The holiday season often brings joy to most people, not for everyone, a significant number of people get down and feel stressed during holidays. The reasons are plenty. There are many factors that can trigger stress, agitation, down and out, dreaded bad feelings ranging from remembering the loved ones, a bad experience during the holidays, loneliness, being overwhelmed, or a combination of external and internal factors. There is no one universal reason to holiday blues, since what is depressing or stressful for one person may not be for someone else, and same is for solution, what works for one may not work for another.
In order to resolve and overcome the holiday stress, here are some practical tips which can minimize stress and difficult emotions during holidays:
1. Plan your holidays ahead: Set aside the priorities and avoid impossible goals. Don’t over-schedule yourself. Take enough time to relax and recover after your work and other commitments. Make plans in advance to know how and with whom your holidays will be spent. Uncertainty and putting off decision-making add enormous stress.
2. Take a pause: Find some time for yourself. Researches have shown that spending just 15 minutes alone, without disturbances, has a refreshing effect on your brain, and it decreases anxiety and stress. You may opt any of these options to rejuvenate yourself:
-Taking a walk at night and stargazing.
-Listening to soothing music.
-Getting a massage.
-Reading a book.
3. Ask for help: Seek help from your family and children if you need it. Stop obsessing over doing it all yourself.
4. Avoid Perfectionism: Don’t allow perfectionism to wear you down. Remember to focus your energy on enjoying the people in your life after all it’s being together and goodwill that matters.
5. Stick to your daily routine: Don’t try to squeeze in more during holiday than you can handle. Don’t let your holidays become a free-for-all. Overindulgence only adds to stress and guilt.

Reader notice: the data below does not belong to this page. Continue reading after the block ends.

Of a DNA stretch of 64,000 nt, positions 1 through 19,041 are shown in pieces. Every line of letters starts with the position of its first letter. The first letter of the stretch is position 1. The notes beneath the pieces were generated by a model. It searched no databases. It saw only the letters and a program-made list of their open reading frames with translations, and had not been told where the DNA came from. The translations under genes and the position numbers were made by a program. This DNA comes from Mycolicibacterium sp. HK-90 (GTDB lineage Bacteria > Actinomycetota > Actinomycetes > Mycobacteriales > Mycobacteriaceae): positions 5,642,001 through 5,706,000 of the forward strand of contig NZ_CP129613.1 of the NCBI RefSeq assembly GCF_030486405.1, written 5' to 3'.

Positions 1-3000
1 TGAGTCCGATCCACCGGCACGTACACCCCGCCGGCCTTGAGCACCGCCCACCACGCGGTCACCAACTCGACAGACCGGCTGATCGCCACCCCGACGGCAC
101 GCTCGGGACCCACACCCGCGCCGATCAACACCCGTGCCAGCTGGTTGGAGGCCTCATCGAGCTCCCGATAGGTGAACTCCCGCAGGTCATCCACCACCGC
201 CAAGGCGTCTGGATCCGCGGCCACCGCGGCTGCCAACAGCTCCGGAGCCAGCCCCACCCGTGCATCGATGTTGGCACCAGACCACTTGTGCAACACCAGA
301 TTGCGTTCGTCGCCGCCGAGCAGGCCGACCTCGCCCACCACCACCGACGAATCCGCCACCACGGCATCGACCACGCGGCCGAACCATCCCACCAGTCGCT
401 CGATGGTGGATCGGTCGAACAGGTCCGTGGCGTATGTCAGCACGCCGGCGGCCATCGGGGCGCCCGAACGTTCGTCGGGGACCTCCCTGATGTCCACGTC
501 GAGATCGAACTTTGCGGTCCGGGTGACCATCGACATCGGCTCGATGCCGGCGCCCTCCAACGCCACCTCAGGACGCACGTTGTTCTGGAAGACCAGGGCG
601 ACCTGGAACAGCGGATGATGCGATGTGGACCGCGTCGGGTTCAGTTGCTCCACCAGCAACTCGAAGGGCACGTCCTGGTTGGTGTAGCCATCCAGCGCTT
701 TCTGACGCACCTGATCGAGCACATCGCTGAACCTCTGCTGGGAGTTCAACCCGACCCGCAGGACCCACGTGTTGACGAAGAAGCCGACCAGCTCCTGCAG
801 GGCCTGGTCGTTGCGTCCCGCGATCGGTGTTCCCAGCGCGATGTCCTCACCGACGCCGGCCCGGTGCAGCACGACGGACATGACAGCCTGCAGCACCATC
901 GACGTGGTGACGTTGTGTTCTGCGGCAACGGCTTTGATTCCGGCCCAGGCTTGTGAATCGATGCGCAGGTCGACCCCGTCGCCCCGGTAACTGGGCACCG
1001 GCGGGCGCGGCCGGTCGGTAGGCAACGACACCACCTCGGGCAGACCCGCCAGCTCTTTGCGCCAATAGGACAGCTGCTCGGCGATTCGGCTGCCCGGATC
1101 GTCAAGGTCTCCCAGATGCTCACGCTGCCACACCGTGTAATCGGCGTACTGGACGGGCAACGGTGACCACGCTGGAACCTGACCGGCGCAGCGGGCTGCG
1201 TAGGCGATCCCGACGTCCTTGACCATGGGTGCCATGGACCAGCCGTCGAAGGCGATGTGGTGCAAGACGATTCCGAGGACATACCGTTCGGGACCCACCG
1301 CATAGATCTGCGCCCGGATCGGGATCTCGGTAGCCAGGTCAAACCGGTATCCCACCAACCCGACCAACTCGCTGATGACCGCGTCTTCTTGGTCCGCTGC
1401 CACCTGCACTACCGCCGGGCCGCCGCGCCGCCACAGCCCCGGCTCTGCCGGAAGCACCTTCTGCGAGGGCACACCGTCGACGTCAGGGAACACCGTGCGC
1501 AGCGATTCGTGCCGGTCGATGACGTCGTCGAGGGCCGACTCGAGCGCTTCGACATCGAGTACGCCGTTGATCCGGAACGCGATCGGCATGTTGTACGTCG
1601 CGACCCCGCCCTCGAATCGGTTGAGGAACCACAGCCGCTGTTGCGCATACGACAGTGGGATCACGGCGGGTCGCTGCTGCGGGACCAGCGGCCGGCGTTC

6. Reach out: Don’t feel lonely or isolated, seek out companionship and support from community, religious or other social events. Volunteering your time to help others also is a good way to lift your spirits as helping those in need can help you feel less isolated.
7. Learn to say “NO”: Try to practice to say no in small ways.The word no is extremely powerful and liberating. Saying yes when you should say no can leave you feel resentful and overwhelmed. Don’t feel obligated to entertain every relative and friends. Know your limitations and learn how to say “no.”Friends and colleagues will understand if you can’t participate in every project or activity. There’s no need to lie or to explain why you can’t participate.
8. Be Flexible: The holidays can be stressful when you have too much to do. Instead of trying to pack multiple family celebrations into a single day or weekend, create a schedule for festive gatherings which will be more convenient for everyone.
9. Abandon old traditions: Be realistic in your celebrations and find new ways to celebrate together. Discuss with your family which traditions are most important to you and to them? why you can’t choose to create new traditions that better fit your current lifestyle? As families change and grow, traditions and rituals often change as well.
10. Think positive: The holidays may drive you to your breaking point, but don’t focus on the bad. Negative thinking can trigger the your body’s stress response, just as a real threat does. Remember, it’s time to celebrate with your family and friends (even if they do stress you out!). An optimistic outlook will help you cope with challenges that come your way.
These practical tips may minimize your stress and anxiety, and help you cope. They may help you improve your coping skills so you can get through the holiday season with a smile on your face.